My father and I just bought a M1A scout squad and I really like the Garand. I want it to go with my paratrooper carbine and Thompson semi. I am not a collector but this would be the closest thing to a collection I have. I have a legit job and I work for what I have. My uncle has two garands that he bought and never shot them. When I was at his house I shot both. They are both broken
(Gun1) One shoots a few rounds then the cocking handle flies off of the bolt (but stays on the reciver). You have to dissassemble it and put the cocking handle back on the bolt.
(Gun2) The other one sometime prematurely ejects its clip but not all the way, blocking the bolt from traveling forward and preventing you from firing the last round. You have to lock the bolt back take out the clip, and insert the last round into the chamber and let the bolt fly to complete the eight round volley. This one worked better and did not malfunction everytime.
I suggested that putting a round in the chamber and dropping the bolt could result in a slamfire and was bad for the extractor. He said it was ok. I know the extractor part is true for 1911s and the slamfire part might happen in an AR. Who is right?
Here is my question. Can these problems be easily fixed? He said he just wants them to look at anyway. Should I go to the CMP? If the can be easily fixed which one is in less sh*t. Gun 1 or Gun 2? I say Gun 2. Can you all point me to someone who has a quick turn-around time and can fix this POS?
Op rod needs to be rewelded and shaped back to spec at the receiver slot retension point/clip. Depending on the rod, you may just want to replace it if the gas button has too much wear.
Need to change/swap a few parts to see which one is out of spec and is causing the problem. Use parts off the working/feeding rifle to determine which feed parts need to be replaced.
If you plan on single loading the rifle, use a single round sled to do such. The sled is nothing more than a clip modifed to stay in the rifle, and hold a single round to be stripped off the clip. This stripping action slowes the bolt down and prevents slam firings (bolt running full speed}. The bolt slamming into the breech (round hand loaded into the chamber) is going to cause a slam fire since the bolt is not slowed down, such as when a round is stripped from the clip.
On the feeding problem rifle, use parts from the rod problem rifle to swap out until you find the part that is out of spec/worn. The all you need to do is either buy a new opt rod (or have have the old one repaired), and buy the feed part that you have found to be out of spec/worn. This at least puts one rifle into action until you receive the parts to correct the other rifle.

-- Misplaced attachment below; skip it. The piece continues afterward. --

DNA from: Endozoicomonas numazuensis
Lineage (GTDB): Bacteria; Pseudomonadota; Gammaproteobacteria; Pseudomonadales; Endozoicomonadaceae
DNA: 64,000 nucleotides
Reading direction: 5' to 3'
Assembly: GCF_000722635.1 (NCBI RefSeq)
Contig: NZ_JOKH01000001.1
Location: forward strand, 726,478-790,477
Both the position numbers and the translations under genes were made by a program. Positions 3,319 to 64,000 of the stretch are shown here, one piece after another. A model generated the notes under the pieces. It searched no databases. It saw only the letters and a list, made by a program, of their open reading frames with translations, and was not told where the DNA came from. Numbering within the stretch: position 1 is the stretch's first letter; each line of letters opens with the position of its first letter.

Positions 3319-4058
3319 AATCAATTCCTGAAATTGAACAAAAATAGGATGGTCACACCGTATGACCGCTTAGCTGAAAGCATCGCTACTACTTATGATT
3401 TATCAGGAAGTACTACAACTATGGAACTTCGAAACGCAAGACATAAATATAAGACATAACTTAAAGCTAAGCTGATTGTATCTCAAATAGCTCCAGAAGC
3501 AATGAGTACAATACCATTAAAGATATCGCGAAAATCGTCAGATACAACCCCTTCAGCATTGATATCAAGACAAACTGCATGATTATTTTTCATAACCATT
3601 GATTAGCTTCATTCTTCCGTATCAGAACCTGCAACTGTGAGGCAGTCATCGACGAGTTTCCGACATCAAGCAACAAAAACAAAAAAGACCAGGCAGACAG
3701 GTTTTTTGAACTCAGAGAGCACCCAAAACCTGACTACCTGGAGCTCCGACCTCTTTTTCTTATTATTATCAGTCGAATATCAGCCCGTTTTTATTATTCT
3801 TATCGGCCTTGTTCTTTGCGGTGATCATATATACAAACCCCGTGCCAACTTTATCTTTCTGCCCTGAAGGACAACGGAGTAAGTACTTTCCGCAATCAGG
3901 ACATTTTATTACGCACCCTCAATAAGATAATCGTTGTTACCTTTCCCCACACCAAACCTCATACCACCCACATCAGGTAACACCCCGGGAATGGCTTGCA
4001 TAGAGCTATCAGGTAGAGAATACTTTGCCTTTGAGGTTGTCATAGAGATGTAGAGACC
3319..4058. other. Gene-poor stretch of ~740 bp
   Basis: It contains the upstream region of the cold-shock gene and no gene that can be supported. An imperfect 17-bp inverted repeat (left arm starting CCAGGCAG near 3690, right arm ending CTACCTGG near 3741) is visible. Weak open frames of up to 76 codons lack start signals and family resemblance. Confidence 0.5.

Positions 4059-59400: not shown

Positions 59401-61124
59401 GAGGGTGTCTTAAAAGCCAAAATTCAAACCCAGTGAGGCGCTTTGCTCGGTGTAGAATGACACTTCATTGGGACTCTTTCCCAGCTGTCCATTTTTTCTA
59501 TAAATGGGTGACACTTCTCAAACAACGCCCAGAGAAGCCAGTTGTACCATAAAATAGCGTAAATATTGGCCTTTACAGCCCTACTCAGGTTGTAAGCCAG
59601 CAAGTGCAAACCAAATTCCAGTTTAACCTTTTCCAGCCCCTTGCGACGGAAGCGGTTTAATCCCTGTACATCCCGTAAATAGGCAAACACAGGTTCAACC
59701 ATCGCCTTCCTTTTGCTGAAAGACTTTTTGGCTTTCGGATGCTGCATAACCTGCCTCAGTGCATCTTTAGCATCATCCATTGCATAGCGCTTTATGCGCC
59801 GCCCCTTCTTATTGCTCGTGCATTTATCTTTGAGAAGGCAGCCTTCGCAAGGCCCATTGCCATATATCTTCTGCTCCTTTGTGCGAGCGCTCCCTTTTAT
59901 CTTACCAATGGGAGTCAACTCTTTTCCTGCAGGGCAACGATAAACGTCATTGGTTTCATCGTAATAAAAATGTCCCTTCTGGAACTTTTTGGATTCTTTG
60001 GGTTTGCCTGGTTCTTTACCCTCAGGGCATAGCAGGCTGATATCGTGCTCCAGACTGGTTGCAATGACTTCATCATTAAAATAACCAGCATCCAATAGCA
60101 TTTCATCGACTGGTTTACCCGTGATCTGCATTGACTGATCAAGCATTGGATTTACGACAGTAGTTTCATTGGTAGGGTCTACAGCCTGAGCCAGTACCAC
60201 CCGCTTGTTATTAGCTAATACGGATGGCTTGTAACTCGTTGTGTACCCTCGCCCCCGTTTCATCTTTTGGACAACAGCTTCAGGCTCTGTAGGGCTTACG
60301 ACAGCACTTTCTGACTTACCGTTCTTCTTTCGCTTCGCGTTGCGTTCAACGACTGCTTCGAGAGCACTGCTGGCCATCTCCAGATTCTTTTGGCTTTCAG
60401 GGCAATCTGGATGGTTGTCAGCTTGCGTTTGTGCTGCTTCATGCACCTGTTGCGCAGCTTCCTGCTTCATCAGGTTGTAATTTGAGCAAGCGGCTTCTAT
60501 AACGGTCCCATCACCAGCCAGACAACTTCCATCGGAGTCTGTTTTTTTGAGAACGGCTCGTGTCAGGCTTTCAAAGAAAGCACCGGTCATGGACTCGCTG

You can get a new (surplus) oprod from Coles for $30 or so.
Sounds like another old wives tale. In the thousands of rounds I've put thru my M1 when I was shooting NRA Highpower, I never used a sled and never had a slam fire. I never heard of a slam fire either, from a properly maintained rifle. A stuck firing pin will do it every time. If slam firing were a problem, the sled would have come into being back in the 40's and the training changed accordingly.
Both those rifles sound like they just need a good overhaul. Have you tried swapping the op rod from the R2 to R1? If it's the bolt on R1 you'll need to find one that headspaces. What part of GA do you live in? Contact the Garand Collectors Assn. here and see if they can point you to someone in your area or have someone in your area contact you. Parts wear out. Replacing them is fairly simple.
I load my AR mags with 20 or 30.
I tear the tags off matresses and pillows.
I eat rare-cooked meat.
I walk under ladders. (I don't walk under hanging piano's tho.)
I let my black cat cross my path all the time.
My favorite # is 13. (It was my Uncles WI State Patrol badge # btw.)
I single load my M1 in slow fire w/o a sled.
There are odds I could die in a car wreck. I still drive.
There are odds I could die in a plane crash. I still fly.
There are odd I could die from being hit by falling space debris. I still live above ground.
There are odds...etc.
This argument, like many, is just po-tay-toe, po-tah-toe.
Like Clint said at the end of his article..."just my opinion"
Do you know the history of these garands, especially the one with the op rod problem?
At one time, garands were quite scarce on the civilian market, and there were some rewelded receivers sold. Some of these exhibited dismounting oprods as a result of the reweld not quite being right.
The premature clip ejection should be an easy fix. There are several garand guys here in central Ga, we are glad to help if we can.
Just to add............ For an added safety .... I have never shot with a sled neither. Ive fired many rounds , thousand at least , single shot... . Just load the round half way into the chamber.Then ride the opRod half way forward.Then let go. Then shoot only Military ammo OR if you shoot reloads , use the harder primers and seat them correctly. Where in Georgia are ya at. The rifles can be fixed.That ain't a problem unless they are rewelds..... WarDawg.
I've heard of bad factory ammo. Just to be safe I won't use any factory ammo.
Somewhere in my thousands of reloads, I could have a bad one. Just to be safe I won't shoot any reloads. I recommend you do the same, for your safety and that of those around you.
What's your face and/or life worth?
If the one receiver does turn out to be a reweld. Strip it and toss it. One thing that probably can be agreed on is rewelds are unsafe junk. A receiver can be bought from the CMP for $200 and you can have a good shooter assembled.